Overall, I would say that A Memory Called Empire is a fantastic, intensely creative debut novel which science fiction enthusiasts who liked Leckie's Radhch and Herbert's Dune novels will almost certainly also enjoy. In my humble opinion, a bit too much of the "action" of the book is literally intertextual and involves subtle interpretations of things said (and not said) for me to connect viscerally with the novel in an entertaining or emotionally engaging way. However, I fully appreciate the difficulty of the accomplishment and applaud the author for its successful execution. This is the first book in a trilogy and I suspect I will read the rest of the books, because I want to find out what happens with Mahit Dzmare and spend more time on Teixcalaani space. So as a story, t A Memory Called Empire must be considered a success.

Title: A Memory Called Empire (Teixcalaan, #1).
Author: 
Arkady Martine.
Paperback: 462 pages.
Publisher:
 Tor Books.
Date Published: March 26, 2019.
Date Read: July 27, 2019.

GOODREADS RATING: 
★★½☆  (4.5/5.0).

OVERALL GRADE: A- (3.67/4.0).

PLOT: A-.
IMAGERY: A-.
IMPACT: B+.
WRITING: A.

Wednesday, August 14, 2019

2019 CANADA: Rafa Wins 35th Masters Title; Bianca Wins Canada As Serena Sobs


19-year-old Bianca Andreescu became the first Canadian woman in 50 years to win her country's Canadian Open tennis championship when Serena Williams retired down 1-3 in the championship match on Sunday. Williams said she had had back spasms the night before and that "she couldn't move" and started sobbing on the court. Later, she went to Cincinnati for the Western & Southern Financial Open tournament but withdrew from her match there. Presumably the next time we will see Serena will be at the 2019 S Open which starts August 26. Andreescu is now #14 in the rankings, achieving the amazing feat of having her ranking be less than her age in record fashion. he has won her first 7 matches against Top 10 opponents. Many expect her to be in the Top 10 soon herself, and she is considered (by some) to be "in the mix" for the US Open. Naomi Osaka (despite losing in straight sets to Serena) regained the World #1 ranking due to Karolina Pliskova's loss to Andreescu early in the tournament.

Rafael Nadal won his 5th Rogers Cup title in Montreal, demolishing Daniil Medvedev 6-3 6-0 in about 70 minutes. Amazingly, it was the first time in his career that Nadal had defended a hard-court (non-clay court) title, since he had won the 2018 Rogers Cup in Toronto last year. It's Nadal's 35th Masters series shield, increasing his lead over his rivals (Novak Djokovic has 33 and Roger Federer has 28). Nadal is the first player to win 2 Masters titles this year (having also won in Rome), while Federer won Miami and Djokovic won Madrid.

Saturday, August 10, 2019

2019 CANADA: Serena In 1st Non-Major Final In 2 Years; Faces Bibi Andreescu (19YO)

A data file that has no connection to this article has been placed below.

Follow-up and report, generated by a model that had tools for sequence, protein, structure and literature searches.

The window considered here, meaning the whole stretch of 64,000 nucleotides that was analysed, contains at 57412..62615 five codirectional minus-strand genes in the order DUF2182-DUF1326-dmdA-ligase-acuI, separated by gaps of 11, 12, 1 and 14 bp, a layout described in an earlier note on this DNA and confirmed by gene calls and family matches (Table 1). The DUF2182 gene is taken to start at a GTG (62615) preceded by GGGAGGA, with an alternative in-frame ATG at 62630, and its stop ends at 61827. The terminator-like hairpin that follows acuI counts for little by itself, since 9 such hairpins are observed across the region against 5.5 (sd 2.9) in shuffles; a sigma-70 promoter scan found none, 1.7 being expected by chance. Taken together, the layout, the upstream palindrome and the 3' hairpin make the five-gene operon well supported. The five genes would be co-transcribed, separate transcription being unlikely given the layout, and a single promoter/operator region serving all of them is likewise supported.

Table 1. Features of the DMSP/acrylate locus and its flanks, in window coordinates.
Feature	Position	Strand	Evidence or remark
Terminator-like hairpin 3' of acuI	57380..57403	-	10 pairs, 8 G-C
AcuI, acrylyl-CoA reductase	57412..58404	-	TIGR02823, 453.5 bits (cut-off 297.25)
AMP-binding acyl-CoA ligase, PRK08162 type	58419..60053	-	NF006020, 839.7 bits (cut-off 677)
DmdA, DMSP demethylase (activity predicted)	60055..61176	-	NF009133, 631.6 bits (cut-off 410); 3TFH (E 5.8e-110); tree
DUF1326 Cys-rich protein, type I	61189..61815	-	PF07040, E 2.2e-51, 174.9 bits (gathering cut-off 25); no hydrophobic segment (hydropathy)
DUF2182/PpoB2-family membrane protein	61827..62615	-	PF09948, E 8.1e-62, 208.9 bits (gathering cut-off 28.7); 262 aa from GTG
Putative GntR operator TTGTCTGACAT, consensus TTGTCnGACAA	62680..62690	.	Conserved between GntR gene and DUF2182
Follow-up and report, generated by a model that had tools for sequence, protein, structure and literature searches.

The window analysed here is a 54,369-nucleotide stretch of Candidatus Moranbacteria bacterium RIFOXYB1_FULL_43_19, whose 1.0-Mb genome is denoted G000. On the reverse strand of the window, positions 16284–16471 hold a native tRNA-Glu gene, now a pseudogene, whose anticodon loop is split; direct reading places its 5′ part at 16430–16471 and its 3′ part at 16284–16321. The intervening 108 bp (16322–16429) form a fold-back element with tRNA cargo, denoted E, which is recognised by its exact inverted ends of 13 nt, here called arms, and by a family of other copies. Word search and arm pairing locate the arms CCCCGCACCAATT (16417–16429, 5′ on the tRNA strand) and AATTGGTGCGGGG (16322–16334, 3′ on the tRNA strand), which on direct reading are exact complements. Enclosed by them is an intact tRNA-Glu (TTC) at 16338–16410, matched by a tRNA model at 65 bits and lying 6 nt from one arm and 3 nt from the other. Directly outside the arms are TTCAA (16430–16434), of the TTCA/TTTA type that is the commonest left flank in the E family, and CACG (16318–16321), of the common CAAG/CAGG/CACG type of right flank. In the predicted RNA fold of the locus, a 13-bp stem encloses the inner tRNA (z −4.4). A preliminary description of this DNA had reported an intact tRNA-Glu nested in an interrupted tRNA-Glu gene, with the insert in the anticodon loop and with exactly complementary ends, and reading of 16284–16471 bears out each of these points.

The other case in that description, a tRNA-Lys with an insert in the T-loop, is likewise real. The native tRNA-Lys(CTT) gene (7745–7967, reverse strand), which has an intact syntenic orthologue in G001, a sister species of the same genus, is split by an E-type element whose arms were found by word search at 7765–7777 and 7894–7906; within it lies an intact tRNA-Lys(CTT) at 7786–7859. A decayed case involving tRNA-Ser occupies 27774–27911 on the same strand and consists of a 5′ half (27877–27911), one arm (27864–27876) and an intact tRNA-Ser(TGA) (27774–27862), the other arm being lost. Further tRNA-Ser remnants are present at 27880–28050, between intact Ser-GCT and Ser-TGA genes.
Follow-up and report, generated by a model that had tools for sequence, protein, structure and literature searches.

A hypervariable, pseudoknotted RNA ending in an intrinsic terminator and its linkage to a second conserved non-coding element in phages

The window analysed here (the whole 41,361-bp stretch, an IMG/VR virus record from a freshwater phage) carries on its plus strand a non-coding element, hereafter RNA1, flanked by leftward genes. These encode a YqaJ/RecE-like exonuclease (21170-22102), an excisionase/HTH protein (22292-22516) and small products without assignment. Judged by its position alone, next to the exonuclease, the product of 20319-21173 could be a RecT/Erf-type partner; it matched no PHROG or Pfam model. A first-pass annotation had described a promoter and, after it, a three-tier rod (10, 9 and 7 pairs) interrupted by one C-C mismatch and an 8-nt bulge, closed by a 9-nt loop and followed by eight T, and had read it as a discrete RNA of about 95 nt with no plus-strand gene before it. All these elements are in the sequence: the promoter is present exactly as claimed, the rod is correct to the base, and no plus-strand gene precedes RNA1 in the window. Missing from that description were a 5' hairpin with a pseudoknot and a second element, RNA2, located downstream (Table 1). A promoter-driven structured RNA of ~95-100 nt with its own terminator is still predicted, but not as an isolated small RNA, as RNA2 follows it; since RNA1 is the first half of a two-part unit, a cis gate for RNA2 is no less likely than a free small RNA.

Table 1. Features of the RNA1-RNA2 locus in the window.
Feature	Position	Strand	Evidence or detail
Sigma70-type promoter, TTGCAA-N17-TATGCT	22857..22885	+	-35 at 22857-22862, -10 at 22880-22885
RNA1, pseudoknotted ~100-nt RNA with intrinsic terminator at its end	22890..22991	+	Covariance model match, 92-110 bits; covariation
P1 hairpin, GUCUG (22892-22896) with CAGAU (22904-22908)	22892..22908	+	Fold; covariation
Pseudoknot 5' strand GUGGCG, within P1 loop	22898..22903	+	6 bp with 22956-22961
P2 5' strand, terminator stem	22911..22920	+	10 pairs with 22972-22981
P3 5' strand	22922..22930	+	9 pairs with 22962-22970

For the first time in nearly two years Serena Williams is in the final of a regular tour-level tournament after reaching 3 major finals (2018 Wimbledon, 2018 U.S. Open and 2019 Wimbledon) in that period. She will face 19-year-old hometown heroine Bianca (Bibi) Andreescu who is playing in her 3rd final of 2019 in the Rogers Cup final in Toronto, Ontario.

Serena has been playing excellent tennis in Canada. In the quarterfinals she finally got her first win over Naomi Osaka (in straight sets!) on Friday 6-3 6-4. Defending champion Simona Halep retired against Marie Bouzkova after losing the first set, Serena was forced to win a 3-set semifinal 1-6 6-3 6-3 against the Czech qualifier.

Andreescu is the first Canadian woman in 50 years to reach the final of the Canadian Open. She has made incredible strides and will be in the Top 20 on Monday for the first time.

Thursday, August 08, 2019

08/08/19: Married 11 Years Today!





Although we have been boyfriends since 1991 and living together since 1994, domestic partners since 1999, and civilly united (in Vermont) since 2000, we were only married in California on August 8, 2008 (Roger Federer's 27th birthday!) before Proposition 8 passed and after the California Supreme Court legalized marriage equality in the Golden State with the In Re Marriage Cases decision and upheld my marriage (and 18,000 others!) in Strauss v. Horton.

The above pictures were taken on our latest vacation in Valencia, Spain in July 2019.

Happy anniversary, hubby!

BOOK REVIEW: White Fragility by Robin DiAngelo


White Fragility is a short but affecting read; it is revelatory, informative and inspirational. The author provides insight into the myriad ways that white people respond to discussions about race and white supremacy. This excerpt (from page 2) basically encapsulates the primary thesis of the book: